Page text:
“In the doctor’s surgery it was all ladies, I was sitting there and they probably thought I was such a good, supportive husband. When the doctor walked out and called my name they all looked up, because you wouldn’t expect a guy’s name to be called out.”


Collins didn’t have a problem moving around, but he lost his appetite because the medication made everything taste metallic. “I just worked normally. I just didn’t eat. I would come home, dinner would be sitting there and I’d just push it away and I was just having soup was soup for lunch and that was it,” he said. “I’d had a beer after soccer and it would sit there in my chest, for what felt like days so I didn’t drink. Even water tasted funny, somebody told me to add cordial and that took the metallic taste away.”

The after effects of breast cancer

Collins’s cancer was estrogen positive, which means he now takes an estrogen suppression drug called Tamoxifen to prevent a recurrence. In women, it creates a medically-induced menopause. Luckily for Collins, his symptoms are less severe.
“They said I could get hot flushes, I could become more emotional and a whole list of things but the only thing that’s changed is my skin feels soapy,” he said. “It feels different, like you’ve got a layer of soap on after a shower.”

What surprised Collins is that the fatigue from chemo is still going a year on.
“I can have days where I can just be flat. It passes the next day or the day after. Sometimes I can be sitting there on a Saturday and have to go down for an afternoon snooze,” he said. “My body’s still trying to get over it.”

There is no history of breast cancer in Collins’ family. But the 55 year old is waiting on results of genetic testing to see if he carries the BRCA gene, which increases the risk of breast cancer. “If I’m a carrier, I can get my kids Pat and Sarah checked to see if they’ve got the gene. And my brothers too, because Mum and Dad didn’t die from breast cancer,” he said. “If I haven’t got the BRCA gene, this is just bad luck.”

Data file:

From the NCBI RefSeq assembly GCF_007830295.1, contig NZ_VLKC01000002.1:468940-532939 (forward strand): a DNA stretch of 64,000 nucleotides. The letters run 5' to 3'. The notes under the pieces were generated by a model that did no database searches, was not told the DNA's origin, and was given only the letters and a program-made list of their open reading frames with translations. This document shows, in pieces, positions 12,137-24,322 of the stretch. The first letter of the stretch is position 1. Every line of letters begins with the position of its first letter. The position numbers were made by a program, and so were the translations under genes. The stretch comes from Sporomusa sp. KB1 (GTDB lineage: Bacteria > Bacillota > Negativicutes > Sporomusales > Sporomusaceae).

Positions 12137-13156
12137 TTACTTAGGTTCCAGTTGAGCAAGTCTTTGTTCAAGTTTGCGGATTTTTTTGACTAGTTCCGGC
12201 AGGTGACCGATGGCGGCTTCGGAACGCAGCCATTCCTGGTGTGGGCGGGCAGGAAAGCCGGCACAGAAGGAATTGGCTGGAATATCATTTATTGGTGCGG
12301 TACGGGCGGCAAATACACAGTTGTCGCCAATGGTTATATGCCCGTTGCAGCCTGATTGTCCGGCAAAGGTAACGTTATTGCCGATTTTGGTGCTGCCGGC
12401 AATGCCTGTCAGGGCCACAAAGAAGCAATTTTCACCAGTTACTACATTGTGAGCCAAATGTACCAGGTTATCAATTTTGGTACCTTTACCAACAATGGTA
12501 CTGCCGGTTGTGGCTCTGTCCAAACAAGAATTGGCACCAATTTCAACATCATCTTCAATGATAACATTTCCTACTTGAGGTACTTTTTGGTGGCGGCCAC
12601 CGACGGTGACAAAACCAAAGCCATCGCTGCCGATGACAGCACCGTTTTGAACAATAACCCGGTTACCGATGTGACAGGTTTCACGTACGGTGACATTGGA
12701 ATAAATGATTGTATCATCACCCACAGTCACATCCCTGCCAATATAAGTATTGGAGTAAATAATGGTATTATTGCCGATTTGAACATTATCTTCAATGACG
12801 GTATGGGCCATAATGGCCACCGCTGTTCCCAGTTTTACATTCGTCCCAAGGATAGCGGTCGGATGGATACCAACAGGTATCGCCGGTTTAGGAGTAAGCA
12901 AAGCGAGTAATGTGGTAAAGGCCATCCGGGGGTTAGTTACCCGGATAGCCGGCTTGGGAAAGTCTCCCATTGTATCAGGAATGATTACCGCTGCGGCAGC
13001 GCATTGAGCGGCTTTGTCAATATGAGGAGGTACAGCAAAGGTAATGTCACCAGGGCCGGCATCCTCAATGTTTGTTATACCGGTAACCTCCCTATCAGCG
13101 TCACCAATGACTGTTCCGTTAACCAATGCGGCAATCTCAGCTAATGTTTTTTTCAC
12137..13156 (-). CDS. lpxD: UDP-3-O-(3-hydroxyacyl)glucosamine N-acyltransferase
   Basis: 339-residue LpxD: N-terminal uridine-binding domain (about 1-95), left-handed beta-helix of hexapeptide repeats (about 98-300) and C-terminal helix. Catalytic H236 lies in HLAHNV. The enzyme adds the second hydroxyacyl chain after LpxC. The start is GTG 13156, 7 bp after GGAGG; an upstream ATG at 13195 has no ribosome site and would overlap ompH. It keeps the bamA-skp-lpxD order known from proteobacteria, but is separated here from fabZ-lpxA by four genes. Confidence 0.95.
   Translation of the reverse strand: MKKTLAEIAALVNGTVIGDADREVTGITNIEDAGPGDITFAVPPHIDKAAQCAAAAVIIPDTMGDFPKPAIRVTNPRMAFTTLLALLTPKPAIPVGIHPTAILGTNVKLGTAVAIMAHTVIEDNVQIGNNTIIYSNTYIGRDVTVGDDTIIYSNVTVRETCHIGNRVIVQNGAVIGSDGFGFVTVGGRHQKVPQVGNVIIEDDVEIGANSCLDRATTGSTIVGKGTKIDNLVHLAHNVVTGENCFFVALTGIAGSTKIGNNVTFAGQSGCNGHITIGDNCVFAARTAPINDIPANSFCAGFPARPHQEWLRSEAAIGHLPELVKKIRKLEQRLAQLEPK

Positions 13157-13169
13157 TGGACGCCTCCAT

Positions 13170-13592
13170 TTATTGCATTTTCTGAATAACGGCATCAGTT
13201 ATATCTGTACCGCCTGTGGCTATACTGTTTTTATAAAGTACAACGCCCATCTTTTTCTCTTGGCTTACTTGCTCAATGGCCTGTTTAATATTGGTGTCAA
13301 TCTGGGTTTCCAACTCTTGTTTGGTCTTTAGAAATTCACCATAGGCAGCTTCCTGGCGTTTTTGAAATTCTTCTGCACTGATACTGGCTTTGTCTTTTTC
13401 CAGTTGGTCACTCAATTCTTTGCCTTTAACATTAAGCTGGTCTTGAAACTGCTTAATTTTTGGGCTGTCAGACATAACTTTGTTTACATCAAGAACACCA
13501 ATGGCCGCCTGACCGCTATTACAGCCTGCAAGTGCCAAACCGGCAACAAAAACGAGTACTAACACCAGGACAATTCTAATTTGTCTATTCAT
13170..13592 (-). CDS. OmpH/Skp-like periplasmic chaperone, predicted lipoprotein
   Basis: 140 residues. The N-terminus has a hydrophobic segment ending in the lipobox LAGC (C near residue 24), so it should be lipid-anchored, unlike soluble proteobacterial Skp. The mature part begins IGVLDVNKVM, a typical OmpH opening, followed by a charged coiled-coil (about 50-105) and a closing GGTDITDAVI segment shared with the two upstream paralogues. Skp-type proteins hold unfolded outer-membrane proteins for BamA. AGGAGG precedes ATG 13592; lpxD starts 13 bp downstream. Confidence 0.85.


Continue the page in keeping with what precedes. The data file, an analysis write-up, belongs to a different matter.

Sharing his story to raise awareness of male breast cancer

Collins is remarkably matter-of-fact about what he went through.
“My wife actually took it harder than me, she said it should have been her because she’s female,” he said. “It is what it is, I just said let’s go and get it cut out and get on with it.”

“My kids were sad. It still rattles my daughter, she wants to know why it happened. Especially when you live a half-decent lifestyle, you think what did you do wrong? But it is what it is, you can’t do anything about it.”

The mastectomy means Collins has a scar across his right chest, but he isn’t bothered about the lost nipple because the hair has grown back. “It was just a bit of meat. If it was a testicle or something I’d probably be more emotional than that. But they just had to cut something out, that’s the way I looked at it,” he said.

Collins’s diagnoses is so rare that when he went to get a new Tamoxifen prescription, the GP wanted to discuss it with him, “She gave me a strange look and asked me why I was on it. She looked at my file and wanted to ask me some questions, because she’d never met a male with breast cancer,” he said.

He is sharing his story because he wants other men to be aware that it could also happen to them. “There’d be a lot of men that read this magazine,” he said.  “I told the guys from soccer as soon as I was diagnosed and they said, ‘Oh, we don’t even check.’ They were thankful I told them what happened.

“One life is all it’s gotta save. If you woke up and your nipple was inverted you wouldn’t think anything of it, but now you know to check it out. “I’m hoping some good will come out of it.”


Story Credit: Scott Filby and Industry Update Magazine – Mark Collins had breast cancer, he wants more men to be aware it could happen to them | Industry Update Manufacturing Media